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USA Real Estate Blog

The People’s Power | Urban Omnibus

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This fall, Sunset Park Solar, New York City’s first co-operatively owned solar garden, will be installed on the roof of the Brooklyn Army Terminal. Community solar projects are growing across the United States, providing much more than renewable energy. Once connected, the almost-two-acre array will feed back into New York City’s energy grid. The value of this electricity will then be converted into credits, reducing monthly energy bills for the 150 Sunset Park households and small businesses who have signed up to be co-op members. Beyond conventional single-family home rooftop installations, the project is a model for urban solar generation that can reduce reliance on fossil fuels and the proportion of household income spent on energy, while creating new jobs on an industrial waterfront. It’s exemplary of everything UPROSE, Brooklyn’s oldest Latino community-based organization, fights for.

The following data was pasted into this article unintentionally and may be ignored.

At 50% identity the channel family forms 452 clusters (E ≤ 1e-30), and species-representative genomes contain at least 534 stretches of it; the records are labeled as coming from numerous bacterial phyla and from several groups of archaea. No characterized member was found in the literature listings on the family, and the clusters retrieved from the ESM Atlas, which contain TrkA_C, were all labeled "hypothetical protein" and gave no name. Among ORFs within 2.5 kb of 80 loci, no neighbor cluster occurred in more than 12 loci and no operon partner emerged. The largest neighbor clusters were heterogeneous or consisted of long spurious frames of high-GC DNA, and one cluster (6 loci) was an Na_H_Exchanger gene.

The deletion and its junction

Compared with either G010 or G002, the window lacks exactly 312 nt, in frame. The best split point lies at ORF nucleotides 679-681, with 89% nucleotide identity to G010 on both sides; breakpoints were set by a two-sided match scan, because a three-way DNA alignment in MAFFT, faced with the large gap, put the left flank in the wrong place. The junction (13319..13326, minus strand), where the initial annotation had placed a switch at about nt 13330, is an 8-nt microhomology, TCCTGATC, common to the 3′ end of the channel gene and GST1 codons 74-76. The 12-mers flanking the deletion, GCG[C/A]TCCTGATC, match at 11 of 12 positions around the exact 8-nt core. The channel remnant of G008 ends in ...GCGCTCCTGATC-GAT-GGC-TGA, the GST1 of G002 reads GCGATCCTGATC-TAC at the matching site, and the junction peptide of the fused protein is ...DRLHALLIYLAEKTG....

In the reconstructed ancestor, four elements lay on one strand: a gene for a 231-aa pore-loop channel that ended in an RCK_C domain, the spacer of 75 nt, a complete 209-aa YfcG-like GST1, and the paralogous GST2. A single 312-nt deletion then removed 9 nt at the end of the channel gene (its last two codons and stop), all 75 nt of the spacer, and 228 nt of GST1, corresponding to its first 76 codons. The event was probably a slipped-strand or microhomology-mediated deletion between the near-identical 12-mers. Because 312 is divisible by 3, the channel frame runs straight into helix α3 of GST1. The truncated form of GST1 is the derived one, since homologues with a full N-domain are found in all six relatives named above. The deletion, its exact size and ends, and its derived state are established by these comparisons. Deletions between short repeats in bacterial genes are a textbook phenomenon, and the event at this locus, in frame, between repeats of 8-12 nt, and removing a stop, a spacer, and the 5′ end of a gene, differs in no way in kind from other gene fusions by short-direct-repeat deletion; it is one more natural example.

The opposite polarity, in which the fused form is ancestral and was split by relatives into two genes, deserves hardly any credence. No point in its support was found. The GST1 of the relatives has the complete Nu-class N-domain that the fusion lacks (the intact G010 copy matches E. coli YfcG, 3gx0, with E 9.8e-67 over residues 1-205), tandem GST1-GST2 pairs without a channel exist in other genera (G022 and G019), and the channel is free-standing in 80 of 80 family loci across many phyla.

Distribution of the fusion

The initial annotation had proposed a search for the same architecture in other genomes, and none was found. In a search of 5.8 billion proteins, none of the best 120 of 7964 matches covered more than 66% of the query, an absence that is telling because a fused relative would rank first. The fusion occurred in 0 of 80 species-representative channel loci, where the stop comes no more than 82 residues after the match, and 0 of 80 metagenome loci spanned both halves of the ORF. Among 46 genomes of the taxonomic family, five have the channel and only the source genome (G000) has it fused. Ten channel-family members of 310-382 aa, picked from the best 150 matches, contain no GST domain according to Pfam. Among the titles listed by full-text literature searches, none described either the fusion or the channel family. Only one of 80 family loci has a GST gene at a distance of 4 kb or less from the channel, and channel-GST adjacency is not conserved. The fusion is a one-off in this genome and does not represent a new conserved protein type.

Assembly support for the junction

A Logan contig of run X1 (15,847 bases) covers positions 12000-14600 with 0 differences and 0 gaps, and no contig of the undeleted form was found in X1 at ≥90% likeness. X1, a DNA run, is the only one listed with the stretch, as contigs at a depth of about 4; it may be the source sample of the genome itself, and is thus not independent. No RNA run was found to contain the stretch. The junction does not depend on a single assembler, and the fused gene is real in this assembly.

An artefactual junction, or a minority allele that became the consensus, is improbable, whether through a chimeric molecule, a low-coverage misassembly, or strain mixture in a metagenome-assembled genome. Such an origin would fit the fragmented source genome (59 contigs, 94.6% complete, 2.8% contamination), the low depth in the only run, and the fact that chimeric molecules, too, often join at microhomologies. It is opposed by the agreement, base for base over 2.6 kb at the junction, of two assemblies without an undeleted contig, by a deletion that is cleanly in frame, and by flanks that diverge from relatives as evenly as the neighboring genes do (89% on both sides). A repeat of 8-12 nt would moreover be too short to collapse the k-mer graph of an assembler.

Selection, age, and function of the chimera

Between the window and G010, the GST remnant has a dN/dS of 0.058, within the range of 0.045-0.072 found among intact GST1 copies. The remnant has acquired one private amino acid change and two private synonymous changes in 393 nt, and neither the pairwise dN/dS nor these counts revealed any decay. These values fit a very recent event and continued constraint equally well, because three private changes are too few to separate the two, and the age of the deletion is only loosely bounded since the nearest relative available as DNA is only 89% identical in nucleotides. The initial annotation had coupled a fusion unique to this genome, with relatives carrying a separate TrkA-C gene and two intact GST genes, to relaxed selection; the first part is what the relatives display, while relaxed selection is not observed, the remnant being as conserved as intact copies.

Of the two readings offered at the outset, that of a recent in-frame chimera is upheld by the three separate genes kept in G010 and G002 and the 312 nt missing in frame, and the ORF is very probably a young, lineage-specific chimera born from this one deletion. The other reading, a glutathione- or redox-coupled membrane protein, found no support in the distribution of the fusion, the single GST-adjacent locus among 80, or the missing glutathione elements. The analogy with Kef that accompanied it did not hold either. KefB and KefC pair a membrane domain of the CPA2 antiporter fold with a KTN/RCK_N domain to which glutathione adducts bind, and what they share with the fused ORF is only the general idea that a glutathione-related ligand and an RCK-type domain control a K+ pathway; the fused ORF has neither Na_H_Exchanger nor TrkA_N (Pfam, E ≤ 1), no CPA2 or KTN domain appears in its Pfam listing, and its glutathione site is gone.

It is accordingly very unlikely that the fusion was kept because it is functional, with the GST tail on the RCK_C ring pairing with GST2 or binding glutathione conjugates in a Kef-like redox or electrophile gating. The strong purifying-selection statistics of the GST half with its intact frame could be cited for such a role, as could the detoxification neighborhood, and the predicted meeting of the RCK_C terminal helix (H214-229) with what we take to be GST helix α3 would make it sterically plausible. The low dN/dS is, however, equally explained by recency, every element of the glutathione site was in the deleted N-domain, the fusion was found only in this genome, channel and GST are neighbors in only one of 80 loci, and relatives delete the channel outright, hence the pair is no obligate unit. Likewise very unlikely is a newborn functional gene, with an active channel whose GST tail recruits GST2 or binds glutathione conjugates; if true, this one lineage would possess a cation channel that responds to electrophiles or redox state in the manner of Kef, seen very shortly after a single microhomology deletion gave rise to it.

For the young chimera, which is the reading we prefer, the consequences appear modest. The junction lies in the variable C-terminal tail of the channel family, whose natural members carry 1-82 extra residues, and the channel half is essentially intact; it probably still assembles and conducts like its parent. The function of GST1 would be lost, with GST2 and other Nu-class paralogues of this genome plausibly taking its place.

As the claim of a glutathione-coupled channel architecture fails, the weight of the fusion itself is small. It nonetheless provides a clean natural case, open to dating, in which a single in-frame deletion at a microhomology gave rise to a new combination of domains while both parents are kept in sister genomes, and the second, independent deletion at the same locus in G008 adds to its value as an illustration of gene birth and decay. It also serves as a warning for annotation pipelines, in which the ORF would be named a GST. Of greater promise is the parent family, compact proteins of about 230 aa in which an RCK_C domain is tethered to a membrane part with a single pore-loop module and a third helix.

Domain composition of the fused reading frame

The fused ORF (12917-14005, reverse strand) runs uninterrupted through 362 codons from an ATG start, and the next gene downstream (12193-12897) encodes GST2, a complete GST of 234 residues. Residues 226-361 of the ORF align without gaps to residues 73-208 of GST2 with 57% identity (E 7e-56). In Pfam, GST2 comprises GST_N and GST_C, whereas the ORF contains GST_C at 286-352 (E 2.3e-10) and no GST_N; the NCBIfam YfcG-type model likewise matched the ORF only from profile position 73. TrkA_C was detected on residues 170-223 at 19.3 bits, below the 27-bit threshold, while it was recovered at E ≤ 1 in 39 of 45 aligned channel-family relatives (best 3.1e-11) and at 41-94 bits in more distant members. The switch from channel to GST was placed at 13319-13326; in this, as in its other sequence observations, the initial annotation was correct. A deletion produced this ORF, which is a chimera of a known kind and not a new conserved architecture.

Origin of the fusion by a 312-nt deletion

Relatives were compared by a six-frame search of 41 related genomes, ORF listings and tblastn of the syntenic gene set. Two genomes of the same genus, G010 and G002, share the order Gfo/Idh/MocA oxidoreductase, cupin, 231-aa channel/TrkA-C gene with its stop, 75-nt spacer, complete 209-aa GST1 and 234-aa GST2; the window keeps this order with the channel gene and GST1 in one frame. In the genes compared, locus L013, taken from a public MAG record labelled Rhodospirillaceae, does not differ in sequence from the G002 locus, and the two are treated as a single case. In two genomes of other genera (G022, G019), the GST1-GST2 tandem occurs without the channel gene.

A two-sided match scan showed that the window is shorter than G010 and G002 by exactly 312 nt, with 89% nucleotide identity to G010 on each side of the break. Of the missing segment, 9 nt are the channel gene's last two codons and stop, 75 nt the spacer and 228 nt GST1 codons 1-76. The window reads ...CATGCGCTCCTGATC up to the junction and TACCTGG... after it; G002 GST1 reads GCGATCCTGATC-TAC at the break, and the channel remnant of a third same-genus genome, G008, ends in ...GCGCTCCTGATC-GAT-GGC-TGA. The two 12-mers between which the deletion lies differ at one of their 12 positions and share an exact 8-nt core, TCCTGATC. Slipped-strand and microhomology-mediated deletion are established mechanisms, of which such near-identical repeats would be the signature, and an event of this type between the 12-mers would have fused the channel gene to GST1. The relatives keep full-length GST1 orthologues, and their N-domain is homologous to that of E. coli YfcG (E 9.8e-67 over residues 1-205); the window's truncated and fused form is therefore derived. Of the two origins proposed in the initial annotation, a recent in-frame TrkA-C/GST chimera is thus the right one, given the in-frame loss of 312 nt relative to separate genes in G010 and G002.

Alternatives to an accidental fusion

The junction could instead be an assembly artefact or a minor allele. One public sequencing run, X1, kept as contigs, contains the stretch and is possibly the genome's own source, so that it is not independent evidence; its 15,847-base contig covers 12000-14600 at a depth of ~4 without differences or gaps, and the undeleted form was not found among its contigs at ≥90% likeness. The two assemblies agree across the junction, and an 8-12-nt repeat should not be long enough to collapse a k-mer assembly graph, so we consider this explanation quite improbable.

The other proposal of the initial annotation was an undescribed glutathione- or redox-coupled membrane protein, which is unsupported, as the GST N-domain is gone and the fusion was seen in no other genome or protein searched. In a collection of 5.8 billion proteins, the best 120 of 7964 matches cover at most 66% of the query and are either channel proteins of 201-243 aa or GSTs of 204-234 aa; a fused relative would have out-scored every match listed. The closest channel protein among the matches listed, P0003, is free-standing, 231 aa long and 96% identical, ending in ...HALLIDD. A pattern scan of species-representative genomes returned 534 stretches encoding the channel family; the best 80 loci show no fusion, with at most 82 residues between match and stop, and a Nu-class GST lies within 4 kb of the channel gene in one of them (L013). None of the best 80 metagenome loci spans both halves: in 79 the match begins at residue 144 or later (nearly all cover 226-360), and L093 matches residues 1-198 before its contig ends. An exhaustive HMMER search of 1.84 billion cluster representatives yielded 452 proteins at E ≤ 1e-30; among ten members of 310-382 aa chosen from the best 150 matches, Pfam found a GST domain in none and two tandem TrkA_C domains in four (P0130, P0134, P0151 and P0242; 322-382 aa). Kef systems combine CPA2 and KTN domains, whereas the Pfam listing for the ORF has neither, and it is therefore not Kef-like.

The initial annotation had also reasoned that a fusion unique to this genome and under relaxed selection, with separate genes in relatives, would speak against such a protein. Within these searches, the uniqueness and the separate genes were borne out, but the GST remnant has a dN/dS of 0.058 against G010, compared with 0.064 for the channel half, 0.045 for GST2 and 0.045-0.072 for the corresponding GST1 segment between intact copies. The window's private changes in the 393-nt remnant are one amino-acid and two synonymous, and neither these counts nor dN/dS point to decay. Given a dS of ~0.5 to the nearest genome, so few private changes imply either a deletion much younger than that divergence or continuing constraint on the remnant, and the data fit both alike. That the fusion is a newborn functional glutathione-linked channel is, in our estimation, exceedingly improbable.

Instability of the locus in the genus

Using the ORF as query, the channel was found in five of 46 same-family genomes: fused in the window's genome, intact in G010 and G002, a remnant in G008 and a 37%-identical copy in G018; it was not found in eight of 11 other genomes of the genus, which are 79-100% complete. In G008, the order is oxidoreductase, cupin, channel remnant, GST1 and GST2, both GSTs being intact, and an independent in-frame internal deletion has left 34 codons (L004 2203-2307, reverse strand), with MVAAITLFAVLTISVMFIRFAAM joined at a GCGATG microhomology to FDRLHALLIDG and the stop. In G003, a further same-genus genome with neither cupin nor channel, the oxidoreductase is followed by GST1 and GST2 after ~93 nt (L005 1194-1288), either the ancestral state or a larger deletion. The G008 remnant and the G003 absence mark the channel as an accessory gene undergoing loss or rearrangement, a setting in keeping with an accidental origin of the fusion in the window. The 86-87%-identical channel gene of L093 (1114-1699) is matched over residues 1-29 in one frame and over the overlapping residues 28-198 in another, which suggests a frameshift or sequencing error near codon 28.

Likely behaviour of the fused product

UPROSE has spent decades advocating to diminish environmental burdens in Sunset Park while also working to protect people and businesses from displacement. What does it take to achieve “site security” for solar panels amidst such pressures? Urban Omnibus talked with Lourdes Pérez-Medina, Climate Justice Policy and Programs Coordinator, and Elizabeth Yeampierre, Executive Director (recently named one of the world’s 100 most influential people in climate policy) at UPROSE about Sunset Park Solar and its role in a just transition from an extractive to a regenerative economy. With a Green New Deal Resolution before Congress calling for rapid decarbonization to be led by “community-defined projects,” Sunset Park Solar illustrates the power of a grassroots vision for economic and climate resilience.

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